5 reasons to toss out antibacterial cleaners Next item 5 Spring Cleaning Hacks

About 75 percent of liquid antibacterial soaps and 30 percent of bars use a chemical called triclosan as an active ingredient. The drug, which was originally used strictly in hospital settings, was adopted by manufacturers of soaps and other home products during the 1990s to eradicate any trace of bacteria from our environment. In the process, however, we created more problems.

Here are 5 reasons we believe you should toss out antibacterial cleaners and replace with naturally antibacterial plants:

1. Antibacterial soaps are no more effective than conventional soap and water

42 years of FDA research—along with countless independent studies—have produced no evidence that triclosan provides any health benefits as compared to old-fashioned soap.

2. Antibacterial soaps have the potential to create antibiotic resistant bacteria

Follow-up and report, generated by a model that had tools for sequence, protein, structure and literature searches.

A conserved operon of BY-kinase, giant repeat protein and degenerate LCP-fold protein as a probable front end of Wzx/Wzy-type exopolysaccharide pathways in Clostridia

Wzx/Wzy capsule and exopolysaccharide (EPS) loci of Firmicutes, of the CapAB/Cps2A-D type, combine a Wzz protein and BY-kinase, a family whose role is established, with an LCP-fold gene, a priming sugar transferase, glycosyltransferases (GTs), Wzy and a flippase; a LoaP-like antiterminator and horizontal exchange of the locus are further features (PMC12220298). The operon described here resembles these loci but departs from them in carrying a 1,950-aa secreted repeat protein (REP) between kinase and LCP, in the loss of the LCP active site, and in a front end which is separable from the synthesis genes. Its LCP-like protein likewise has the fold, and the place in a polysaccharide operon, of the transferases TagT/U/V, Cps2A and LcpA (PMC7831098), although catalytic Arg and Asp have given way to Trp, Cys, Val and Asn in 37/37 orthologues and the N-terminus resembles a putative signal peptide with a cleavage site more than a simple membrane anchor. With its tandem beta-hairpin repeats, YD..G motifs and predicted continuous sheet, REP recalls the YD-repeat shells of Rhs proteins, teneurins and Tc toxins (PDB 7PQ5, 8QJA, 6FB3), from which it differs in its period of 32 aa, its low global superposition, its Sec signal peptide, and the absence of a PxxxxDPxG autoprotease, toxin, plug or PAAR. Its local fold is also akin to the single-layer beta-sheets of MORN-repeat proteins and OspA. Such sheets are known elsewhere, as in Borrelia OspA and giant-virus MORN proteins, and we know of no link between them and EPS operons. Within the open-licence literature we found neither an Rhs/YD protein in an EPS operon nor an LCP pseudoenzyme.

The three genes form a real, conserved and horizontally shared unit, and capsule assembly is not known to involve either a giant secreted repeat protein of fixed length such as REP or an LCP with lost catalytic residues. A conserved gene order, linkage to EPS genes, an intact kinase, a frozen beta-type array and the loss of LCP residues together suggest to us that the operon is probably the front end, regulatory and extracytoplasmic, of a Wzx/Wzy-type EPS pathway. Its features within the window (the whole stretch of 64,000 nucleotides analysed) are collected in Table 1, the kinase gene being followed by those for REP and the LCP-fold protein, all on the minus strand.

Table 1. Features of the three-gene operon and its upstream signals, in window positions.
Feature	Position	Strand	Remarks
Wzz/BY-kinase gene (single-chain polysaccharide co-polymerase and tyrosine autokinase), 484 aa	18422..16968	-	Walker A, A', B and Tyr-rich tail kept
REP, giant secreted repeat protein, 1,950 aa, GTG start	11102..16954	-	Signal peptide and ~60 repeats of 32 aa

Heavy use of antibiotics can cause resistance, which results from a small subset of a bacteria population with a random mutation that allows it to survive exposure to the chemical. If that chemical is used frequently enough, it’ll kill other bacteria, but allow this resistant subset to proliferate. If this happens on a broad enough scale, it can essentially render that chemical useless against the strain of bacteria.

3. The soaps could act as endocrine disruptors

Triclosan appears to interfere with the body’s regulation of thyroid hormone, perhaps because it chemically resembles the hormone closely enough that it can bind to its receptor sites. There are worries that it could lead to problems such as infertility, artificially-advanced early puberty, obesity and cancer.

4. The soaps might lead to other health problems, too

There’s evidence that children with prolonged exposure to triclosan have a higher chance of developing allergies, including peanut allergies and hay fever. Scientists speculate that this could be a result of reduced exposure to bacteria, which could be necessary for proper immune system functioning and development.

5. Antibacterial soaps are bad for the environment

When we use a lot of triclosan in soap, that means a lot of triclosan gets flushed down the drain. Research has shown that small quantities of the chemical can persist after treatment at sewage plants, and as a result, USGS surveys have frequently detected it in streams and other bodies of water. Once in the environment, triclosan can disrupt algae’s ability to perform photosynthesis.

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